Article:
Answer: The answer may not be one you want to hear but California determines whether you file a return or not based on your worldwide income and their instructions for the Form 540 resident return states that you should “Enter the total amount of your state wages from all states from each of your Forms (w-2)….” This is one of those cases where you do not receive a credit for taxes paid to another state because Texas has no personal income tax.
Question 21. I worked in NY state during the school year and California during the summer, but I was never a legal resident of California – in fact, the address I gave my California employer was my NY state home address. How will this affect my filing? I’ve never filed in two states before, so I’m a bit nervous about it.
Answer: Similar to the description earlier in this column, as a non-resident of California, you do need to file a California state tax return detailing your income from California. And, as a resident of New York, you need to file a New York state tax return detailing your income from both New York and California. However, you should be allowed to take a credit for taxes you pay to California on your New York return. So, don’t be nervous just be happy that you are earning money and now responsible for paying taxes to multiple states. As you make money you should start to think of how to minimize your taxes by taking advantage of 401k’s, IRA’s or other tax-reducing ideas.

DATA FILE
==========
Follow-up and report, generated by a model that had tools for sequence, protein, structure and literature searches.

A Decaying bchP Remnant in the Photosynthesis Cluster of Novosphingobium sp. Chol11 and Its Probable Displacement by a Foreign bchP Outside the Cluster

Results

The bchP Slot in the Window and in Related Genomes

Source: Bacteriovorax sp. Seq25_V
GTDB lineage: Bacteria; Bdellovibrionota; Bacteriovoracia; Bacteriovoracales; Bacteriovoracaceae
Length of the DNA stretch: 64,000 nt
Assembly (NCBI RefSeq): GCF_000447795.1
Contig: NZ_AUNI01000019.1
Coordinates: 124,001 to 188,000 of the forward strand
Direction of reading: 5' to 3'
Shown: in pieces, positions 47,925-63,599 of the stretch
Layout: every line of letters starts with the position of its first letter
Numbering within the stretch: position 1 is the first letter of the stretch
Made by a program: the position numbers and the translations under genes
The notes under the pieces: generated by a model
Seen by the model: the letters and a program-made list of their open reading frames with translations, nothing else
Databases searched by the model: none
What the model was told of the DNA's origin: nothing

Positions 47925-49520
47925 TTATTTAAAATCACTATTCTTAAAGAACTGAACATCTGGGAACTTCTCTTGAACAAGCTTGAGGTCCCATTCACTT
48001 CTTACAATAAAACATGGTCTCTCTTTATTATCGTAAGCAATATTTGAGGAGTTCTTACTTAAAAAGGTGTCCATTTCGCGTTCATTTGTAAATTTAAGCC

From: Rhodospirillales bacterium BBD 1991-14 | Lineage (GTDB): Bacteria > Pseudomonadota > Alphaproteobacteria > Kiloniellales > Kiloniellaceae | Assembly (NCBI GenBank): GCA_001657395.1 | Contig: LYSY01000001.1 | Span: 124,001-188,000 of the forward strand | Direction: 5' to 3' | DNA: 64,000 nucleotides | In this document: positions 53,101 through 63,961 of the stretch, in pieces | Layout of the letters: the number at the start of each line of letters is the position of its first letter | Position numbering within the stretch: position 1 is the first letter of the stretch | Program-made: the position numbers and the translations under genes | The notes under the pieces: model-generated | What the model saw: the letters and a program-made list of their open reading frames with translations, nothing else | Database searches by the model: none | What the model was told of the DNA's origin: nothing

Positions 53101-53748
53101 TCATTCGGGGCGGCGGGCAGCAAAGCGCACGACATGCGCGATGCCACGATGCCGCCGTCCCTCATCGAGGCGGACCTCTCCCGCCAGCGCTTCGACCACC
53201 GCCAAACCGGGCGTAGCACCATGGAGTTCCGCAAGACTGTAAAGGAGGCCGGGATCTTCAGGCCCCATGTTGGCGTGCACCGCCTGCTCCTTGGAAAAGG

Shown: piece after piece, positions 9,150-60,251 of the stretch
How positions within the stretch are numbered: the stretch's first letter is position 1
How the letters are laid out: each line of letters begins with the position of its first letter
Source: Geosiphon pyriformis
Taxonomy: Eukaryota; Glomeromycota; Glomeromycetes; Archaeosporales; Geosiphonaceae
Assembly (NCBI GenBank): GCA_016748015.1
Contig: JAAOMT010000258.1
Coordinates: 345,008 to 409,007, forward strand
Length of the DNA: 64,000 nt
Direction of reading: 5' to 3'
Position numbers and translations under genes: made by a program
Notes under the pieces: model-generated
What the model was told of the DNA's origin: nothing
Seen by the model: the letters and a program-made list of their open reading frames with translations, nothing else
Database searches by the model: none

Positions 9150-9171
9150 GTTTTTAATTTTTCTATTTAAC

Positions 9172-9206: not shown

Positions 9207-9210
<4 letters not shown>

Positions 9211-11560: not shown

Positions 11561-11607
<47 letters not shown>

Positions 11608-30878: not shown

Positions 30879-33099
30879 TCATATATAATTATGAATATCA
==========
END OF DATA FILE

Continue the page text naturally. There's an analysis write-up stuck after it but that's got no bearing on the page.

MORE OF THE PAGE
Question 17. Money from Renters in your Primary residence: I am a home owner. I rent out a bedroom to someone, and I charge him a fixed rent, plus a portion of the utilities. Should I report this money as income? Or does it fall under ‘shared living expenses’, as I’ve heard people claim?
Answer: This is an interesting question as it might go both ways depending on the facts and circumstances. In your case, if this is your primary residence and you are “renting” out part of it, then you should report the rental income and offset it with the rental expenses. For example, expenses you pay for the house such as insurance, repairs, maintenance, etc. can be allocated against the income. You also may be able to depreciate a portion of the residence related to the rental room via square feet of that room to the entire square footage of the house as a way of reducing the income. Ultimately, it would be difficult to categorize what you describe as “shared living expenses” because this is your home and not just a case of two individuals splitting rent you are benefiting from this arrangement as your equity is going up as you pay your mortgage from this rental income.
Question 48. I just bought a house and expect to have about $31,000 in mortgage interest paid out over 2007. I know I can deduct that on my taxes for next year, but what else can I deduct? Would the mortgage interest be a separate category from Standard Deductions? I’m just wondering if I can be overgenerous with my charitable contributions and lump that together with my mortgage interest deduction. Thanks!
Answer: Good question on whether to itemize or take the standard deduction. Once you own a house it generally pays to itemize instead of taking the standard deduction. The standard deduction for a single individual in 2006 is only $5,150. A homeowner can deduct the interest on the mortgage as well as real estate taxes paid during the year. Charitable contributions are also an itemized deduction taken separately on Schedule A of the 1040 tax form in addition to your mortgage interest and real estate taxes. You may want to take a look at a Schedule A (http://www.irs.gov/pub/irs-pdf/f1040sab.pdf) to see the various categories of itemized deductions.
[Update]: See Part 2 of this series here.